What are they? What can you do with them? - October 2014
Water Gems - What are they? What can you do with them?
Water gems are also known as water crystals and water gel. Water beads are similar but have adefined shape that look like clear marbles. Water gems come in a crystal form which look much like
chunky rock salt. The instructions suggest you add one teaspoon of crystals to 3 cups of water.
However, you can adjust the amount of water to change consistency of your finished product.
When you add water to crystals, the crystals will absorb all the water. This takes about 5 hours.
Below you can see some pictures of finished product. In clear bowls and vases, you can place items
in water gems to make them appear as if they're suspended in water. You can add more water to
make consistency more watery to add lighter weight items, such as rose petals. When the consistency
is more watery the water gems appear clearer and more like plain water. When there is less water the
consistency will be more dense. To suspend heavier items like glass gems or glass shapes you want a
bit denser consistency.
Water gem tips:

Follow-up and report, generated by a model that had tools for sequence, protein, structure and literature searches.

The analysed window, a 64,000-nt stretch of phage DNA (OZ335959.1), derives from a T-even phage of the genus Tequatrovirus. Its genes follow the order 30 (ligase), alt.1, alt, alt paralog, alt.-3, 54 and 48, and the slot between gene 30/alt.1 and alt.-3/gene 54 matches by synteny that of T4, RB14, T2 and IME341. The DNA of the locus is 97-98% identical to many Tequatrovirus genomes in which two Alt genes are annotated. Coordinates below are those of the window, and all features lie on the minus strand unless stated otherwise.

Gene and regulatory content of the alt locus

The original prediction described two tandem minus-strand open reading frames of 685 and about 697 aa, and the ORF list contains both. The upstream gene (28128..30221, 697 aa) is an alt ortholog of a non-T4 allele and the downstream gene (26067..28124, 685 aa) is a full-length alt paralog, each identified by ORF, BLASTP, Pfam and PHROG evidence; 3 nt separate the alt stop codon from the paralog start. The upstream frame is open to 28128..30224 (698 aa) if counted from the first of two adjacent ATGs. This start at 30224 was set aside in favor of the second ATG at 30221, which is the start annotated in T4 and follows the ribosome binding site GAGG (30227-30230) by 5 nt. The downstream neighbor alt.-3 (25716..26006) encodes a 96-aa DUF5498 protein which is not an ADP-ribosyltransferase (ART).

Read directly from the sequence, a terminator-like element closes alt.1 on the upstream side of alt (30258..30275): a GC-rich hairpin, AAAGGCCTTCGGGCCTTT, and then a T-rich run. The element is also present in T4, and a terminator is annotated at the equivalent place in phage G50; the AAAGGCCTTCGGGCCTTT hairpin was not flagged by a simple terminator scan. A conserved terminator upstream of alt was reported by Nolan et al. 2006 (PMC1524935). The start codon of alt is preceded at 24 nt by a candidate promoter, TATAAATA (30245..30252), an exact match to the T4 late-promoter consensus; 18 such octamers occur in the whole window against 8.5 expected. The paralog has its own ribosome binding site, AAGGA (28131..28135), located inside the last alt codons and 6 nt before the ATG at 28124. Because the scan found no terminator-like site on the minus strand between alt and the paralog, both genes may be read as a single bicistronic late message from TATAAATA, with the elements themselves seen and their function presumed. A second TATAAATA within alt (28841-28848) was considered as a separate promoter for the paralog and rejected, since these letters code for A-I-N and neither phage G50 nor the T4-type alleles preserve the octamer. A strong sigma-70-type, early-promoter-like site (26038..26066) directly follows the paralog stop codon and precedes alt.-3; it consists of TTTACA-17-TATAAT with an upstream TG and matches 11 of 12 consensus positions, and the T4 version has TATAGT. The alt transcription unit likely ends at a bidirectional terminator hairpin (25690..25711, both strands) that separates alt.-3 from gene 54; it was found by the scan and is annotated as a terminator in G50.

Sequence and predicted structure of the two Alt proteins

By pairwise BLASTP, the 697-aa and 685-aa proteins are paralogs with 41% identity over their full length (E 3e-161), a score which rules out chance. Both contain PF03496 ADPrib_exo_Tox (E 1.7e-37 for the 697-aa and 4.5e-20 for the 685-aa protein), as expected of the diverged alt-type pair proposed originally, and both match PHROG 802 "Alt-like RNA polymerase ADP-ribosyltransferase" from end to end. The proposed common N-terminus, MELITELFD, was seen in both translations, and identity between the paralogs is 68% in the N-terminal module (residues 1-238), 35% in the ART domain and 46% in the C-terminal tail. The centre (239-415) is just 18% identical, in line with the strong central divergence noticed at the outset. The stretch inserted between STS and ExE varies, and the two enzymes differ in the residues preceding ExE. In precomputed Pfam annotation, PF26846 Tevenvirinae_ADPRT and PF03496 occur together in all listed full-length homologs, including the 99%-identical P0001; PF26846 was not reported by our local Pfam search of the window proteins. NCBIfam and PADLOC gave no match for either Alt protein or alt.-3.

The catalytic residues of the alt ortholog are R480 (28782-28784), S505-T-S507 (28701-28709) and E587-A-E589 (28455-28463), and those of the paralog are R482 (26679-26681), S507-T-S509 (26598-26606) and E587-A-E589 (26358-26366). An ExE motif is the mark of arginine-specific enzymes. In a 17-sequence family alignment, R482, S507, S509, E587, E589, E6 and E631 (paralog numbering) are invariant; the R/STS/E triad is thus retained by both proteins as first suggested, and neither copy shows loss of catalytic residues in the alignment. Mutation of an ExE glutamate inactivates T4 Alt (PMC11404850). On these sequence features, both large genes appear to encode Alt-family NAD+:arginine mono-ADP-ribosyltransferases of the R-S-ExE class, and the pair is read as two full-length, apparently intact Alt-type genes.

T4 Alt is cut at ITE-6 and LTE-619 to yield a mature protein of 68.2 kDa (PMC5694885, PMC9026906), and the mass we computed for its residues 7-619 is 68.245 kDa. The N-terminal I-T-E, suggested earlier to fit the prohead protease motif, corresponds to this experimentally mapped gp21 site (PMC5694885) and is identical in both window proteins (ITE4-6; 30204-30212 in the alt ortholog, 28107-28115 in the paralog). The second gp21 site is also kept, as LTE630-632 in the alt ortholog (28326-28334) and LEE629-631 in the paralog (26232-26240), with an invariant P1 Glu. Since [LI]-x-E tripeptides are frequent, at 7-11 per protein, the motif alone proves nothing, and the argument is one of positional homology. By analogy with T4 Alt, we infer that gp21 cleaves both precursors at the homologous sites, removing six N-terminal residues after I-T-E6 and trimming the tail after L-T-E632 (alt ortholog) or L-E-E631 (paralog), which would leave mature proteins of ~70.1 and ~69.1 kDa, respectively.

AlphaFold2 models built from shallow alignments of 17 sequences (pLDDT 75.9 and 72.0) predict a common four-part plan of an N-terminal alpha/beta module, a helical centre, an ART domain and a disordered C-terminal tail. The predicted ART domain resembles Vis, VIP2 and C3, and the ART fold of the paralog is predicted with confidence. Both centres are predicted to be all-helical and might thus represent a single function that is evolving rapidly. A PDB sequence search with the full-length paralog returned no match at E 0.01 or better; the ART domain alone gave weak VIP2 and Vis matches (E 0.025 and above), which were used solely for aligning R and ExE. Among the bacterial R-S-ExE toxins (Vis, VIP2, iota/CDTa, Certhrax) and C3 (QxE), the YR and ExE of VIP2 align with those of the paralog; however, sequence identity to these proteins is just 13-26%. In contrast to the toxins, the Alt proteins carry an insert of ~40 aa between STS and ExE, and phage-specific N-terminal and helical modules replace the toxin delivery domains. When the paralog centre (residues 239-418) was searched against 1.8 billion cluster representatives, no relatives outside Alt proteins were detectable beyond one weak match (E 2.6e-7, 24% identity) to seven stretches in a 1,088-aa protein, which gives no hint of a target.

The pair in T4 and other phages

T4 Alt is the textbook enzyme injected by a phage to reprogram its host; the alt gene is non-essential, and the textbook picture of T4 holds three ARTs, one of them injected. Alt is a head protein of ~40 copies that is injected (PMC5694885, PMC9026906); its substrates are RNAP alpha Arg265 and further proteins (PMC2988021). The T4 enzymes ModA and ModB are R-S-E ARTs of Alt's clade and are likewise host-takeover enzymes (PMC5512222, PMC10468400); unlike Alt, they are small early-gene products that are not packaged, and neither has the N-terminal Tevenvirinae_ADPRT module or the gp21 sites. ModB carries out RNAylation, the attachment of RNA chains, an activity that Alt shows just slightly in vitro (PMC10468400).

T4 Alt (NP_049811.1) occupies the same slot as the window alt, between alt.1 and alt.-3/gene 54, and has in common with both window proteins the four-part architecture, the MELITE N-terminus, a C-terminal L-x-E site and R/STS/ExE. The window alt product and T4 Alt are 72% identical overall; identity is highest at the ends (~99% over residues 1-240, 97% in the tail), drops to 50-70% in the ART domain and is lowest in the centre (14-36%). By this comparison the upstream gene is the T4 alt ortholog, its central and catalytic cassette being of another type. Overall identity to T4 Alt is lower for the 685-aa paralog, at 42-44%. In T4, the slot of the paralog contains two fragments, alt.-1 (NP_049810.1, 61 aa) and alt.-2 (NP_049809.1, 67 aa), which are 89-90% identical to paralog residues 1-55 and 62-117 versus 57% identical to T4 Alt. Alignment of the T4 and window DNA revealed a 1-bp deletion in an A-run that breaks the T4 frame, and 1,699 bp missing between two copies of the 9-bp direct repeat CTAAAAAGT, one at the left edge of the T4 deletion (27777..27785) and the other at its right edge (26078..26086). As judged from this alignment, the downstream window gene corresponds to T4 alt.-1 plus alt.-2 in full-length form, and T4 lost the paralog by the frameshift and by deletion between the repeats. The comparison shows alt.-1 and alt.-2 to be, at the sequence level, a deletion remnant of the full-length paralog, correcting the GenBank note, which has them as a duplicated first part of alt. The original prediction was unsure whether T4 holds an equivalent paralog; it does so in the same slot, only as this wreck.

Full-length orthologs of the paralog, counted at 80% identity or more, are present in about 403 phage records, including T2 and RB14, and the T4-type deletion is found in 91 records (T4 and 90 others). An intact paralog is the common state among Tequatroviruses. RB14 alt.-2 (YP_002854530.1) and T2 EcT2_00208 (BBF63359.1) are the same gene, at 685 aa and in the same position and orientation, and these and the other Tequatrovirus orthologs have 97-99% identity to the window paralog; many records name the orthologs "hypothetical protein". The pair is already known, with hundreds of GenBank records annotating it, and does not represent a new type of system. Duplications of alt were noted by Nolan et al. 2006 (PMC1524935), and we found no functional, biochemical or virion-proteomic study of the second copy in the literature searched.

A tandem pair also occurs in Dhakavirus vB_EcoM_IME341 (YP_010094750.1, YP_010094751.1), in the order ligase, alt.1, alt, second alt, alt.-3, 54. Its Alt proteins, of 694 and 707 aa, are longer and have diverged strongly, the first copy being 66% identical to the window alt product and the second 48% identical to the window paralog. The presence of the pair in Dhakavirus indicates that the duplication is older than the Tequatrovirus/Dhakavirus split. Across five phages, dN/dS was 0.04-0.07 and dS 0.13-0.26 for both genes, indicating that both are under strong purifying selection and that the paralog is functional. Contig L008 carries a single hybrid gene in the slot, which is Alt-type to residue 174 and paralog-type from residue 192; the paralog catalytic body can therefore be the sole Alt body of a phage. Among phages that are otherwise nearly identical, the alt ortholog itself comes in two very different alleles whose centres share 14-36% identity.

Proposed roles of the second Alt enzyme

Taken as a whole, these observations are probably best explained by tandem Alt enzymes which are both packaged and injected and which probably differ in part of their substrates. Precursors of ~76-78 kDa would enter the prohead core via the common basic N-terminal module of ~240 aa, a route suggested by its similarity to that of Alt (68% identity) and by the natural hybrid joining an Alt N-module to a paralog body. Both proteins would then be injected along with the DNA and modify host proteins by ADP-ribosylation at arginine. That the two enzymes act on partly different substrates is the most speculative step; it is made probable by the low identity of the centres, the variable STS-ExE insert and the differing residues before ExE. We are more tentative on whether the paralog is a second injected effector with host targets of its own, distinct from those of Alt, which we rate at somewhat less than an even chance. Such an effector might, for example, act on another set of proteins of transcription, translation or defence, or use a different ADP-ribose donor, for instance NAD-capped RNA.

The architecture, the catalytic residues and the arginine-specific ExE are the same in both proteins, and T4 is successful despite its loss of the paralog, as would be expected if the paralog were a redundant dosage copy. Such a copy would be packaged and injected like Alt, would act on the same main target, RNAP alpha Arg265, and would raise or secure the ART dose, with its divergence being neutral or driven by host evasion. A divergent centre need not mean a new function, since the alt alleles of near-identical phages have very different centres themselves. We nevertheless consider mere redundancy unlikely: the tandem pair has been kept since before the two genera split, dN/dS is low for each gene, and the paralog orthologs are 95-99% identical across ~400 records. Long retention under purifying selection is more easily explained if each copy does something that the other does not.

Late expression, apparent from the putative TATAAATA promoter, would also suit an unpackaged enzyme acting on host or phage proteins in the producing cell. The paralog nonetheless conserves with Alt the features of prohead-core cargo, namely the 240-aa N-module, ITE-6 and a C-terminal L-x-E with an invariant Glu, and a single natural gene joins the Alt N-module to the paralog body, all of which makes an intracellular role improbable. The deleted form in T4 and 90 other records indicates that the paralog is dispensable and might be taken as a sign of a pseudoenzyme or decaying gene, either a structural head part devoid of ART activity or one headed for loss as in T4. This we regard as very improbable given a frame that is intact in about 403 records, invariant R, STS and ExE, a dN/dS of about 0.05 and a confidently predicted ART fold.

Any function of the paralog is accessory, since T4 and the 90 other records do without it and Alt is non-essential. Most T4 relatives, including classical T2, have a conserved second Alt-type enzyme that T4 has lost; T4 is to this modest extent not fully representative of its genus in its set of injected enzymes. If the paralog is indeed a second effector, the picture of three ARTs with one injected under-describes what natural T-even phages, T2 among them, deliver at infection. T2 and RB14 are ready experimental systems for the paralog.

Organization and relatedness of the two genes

-If you find that you've made your water gems to watery, use a colander to drain off excess water.
-If the water gems are too thick, just add more water.
-Add food color to water before expanding water gems to color the gems.
-The longer the finished water gems sit, the clearer they will become because a lot of the air bubbles will
diminish. Surroundings suggests making your displays about a week ahead of time. You can certainly
do them weeks ahead but making them closer to your event date will keep them looking fresher.
-Water gems are great for floating candles because it keeps your centerpiece stable. Since there's no
sloshing around there is less chance of your wicks getting wet and extinguishing flames. Also, because
the display is more solid, you can easily move them around or transport if making your display ahead
of time and off-site.